We all want love. It drives us. We hunt for it, until we find it. And we often take it for granted until we lose it. Then loneliness rears its head and we hide in the memories, often colored with rosy tints, forgetting the painful details. It may be true that there are only a few people we will connect with. What is more true is that when we find that one person, we should  grab them with a gusto and become united in marriage. God has designed marriage to be two people becoming one flesh (Gen. 2:24). If we pursue our spouse with a self-giving sacrificial love, like Christ loved the Church (Eph. 5:25), and with a lifelong commitment, we will avoid such loneliness. Instead, we will find ourselves growing ever-closer and ever more knowing of our life partner and realize we don’t need another person to connect to. This is a rare blessing. But this takes work and effort.

The heaviness and hardness of relationships and responsibilities is a key theme of this second film. Jesse describes his marriage by telling Celine: “What is love? Respect, trust, admiration.  I felt all those things. So cut to the present tense and I feel like I’m running a small nursery with someone I used to date. I’m like a monk. I’ve had sex less than ten times in the last four years.”  He got married for the wrong reasons and now he has no feelings of love. Like Celine, he finds himself in a dead-end relationship. But he feels more committed because of the ring and the kid. Both characters are now older and wiser, but more jaded. They have learned that relationships don’t always work out, and they often carry consequences for the future that won’t disappear. This brings with it a sense of mistrust, a carefulness that they display in the early part of this film.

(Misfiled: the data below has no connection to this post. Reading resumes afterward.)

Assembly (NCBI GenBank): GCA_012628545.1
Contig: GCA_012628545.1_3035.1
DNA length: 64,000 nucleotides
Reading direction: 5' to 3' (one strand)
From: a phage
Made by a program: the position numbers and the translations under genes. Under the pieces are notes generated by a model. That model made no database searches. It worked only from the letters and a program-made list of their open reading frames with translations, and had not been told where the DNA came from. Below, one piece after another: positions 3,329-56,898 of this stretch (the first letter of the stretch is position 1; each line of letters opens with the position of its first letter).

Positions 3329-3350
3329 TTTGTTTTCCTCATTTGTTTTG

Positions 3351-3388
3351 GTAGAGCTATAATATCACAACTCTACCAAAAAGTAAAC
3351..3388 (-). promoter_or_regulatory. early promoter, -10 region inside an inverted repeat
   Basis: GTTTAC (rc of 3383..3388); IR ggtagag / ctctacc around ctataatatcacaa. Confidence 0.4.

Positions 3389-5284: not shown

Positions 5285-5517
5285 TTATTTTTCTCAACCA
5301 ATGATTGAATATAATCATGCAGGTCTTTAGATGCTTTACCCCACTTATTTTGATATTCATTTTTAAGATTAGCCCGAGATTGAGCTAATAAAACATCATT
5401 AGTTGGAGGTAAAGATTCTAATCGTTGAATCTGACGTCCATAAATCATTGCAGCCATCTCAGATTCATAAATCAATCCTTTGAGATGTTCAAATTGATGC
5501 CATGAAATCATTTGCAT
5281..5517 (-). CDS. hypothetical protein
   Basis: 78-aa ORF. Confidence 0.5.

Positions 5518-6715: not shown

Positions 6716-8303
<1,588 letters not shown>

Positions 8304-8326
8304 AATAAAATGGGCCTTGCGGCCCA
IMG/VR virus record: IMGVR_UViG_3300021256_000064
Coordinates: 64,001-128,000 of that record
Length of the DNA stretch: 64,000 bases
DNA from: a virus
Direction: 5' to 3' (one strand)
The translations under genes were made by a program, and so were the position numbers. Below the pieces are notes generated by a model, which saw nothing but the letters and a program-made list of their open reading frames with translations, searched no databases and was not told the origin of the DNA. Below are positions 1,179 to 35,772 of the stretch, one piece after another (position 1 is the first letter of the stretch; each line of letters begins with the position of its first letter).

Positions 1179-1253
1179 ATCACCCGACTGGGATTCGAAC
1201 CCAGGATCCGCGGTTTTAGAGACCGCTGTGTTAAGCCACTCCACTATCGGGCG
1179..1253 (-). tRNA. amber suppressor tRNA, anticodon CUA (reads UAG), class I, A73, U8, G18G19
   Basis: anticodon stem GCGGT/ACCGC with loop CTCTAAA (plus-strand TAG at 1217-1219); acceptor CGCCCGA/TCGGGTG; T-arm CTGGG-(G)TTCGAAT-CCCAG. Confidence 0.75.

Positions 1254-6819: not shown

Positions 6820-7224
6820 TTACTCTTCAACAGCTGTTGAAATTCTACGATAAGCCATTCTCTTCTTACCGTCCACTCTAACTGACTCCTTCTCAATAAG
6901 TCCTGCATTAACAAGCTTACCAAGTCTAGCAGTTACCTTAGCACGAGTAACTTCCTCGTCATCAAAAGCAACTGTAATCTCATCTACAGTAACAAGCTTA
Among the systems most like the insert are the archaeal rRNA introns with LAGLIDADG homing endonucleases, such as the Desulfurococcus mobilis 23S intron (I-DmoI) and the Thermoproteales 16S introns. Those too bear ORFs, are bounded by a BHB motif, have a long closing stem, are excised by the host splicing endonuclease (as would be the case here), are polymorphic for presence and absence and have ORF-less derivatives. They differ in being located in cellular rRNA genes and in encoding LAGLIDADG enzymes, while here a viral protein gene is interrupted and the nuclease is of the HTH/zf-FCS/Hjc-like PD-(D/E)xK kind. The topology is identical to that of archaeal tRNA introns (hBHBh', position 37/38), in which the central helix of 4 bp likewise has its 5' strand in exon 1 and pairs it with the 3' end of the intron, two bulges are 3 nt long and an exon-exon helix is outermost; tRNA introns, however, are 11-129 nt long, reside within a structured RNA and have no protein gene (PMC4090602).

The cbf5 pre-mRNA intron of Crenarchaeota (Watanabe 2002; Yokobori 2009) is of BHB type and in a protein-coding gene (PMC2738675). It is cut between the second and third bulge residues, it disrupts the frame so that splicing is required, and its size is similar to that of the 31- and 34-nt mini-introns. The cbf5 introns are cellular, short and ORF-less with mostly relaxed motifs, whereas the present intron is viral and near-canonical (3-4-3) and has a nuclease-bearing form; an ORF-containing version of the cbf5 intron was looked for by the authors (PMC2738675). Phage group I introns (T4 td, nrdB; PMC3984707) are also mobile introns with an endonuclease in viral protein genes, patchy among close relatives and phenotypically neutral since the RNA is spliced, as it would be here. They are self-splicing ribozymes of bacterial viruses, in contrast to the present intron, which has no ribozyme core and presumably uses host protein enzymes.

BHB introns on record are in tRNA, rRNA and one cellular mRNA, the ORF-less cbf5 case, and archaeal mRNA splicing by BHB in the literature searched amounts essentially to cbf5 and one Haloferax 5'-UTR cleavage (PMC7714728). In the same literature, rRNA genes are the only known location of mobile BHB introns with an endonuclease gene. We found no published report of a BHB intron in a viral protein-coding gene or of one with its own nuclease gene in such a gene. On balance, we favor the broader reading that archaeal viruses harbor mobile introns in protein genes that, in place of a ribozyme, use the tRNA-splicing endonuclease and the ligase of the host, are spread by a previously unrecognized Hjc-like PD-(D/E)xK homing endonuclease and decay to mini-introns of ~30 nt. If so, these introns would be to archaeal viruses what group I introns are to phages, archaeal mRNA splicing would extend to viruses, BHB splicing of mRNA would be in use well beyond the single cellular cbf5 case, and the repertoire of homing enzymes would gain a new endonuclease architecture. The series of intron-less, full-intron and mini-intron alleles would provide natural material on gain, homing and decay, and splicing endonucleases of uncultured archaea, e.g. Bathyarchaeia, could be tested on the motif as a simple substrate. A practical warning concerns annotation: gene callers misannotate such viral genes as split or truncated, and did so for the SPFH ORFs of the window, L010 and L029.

No one ever said relationships or even marriage was easy. It is not. But it is worth the work. When two people put their hearts and minds into marriage, the payoff is tremendous: a celebration of life together and an intimacy of partnership found nowhere else.

A wonderful scene occurs early in their walk in a park. Celine asks him, if he were to die tonight what would he want their conversation to be about and what would he do.” He answers by focusing on gratifying sex, as if the physical act would be his desire for his last night. Sex and love seem to be the apex for what we seek in life.

Life is about more than sex and love. These will eventually disappear. Our bodies will decay as we age. Our partners may die before us. We may be left alone. Our physical capacity and appetites may erode. But above all there is a need to look at what comes after. Where will we be after we die? The Bible tells us there is an after-life, one that is more real than this. And there are only two destinations: heaven and hell. If we had but one night to live we should make sure we know we have chosen our eternity. By choosing to receive Jesus as our God (Jn. 1:12), even in the last hours, we can be assured we will have a place with him after we die (Jn. 14:2-3). And if we are in conversation with someone, we should assure them of our certainty while seeking to offer that same assurance to them.

The best scene in the whole film occurs at the end when Jesse ends up with Celine in her apartment before sunset where she sings him a beautiful song. And as this plays out, Linklater leaves us with another ambiguous ending, leaving us to wonder if Jesse and Celine choose to grab with both hands that second chance with the one that got away. Once again, you’ll have to decide for yourself. Or wait and watch the third chapter that just came out this year.

 Copyright ©2013, Martin Baggs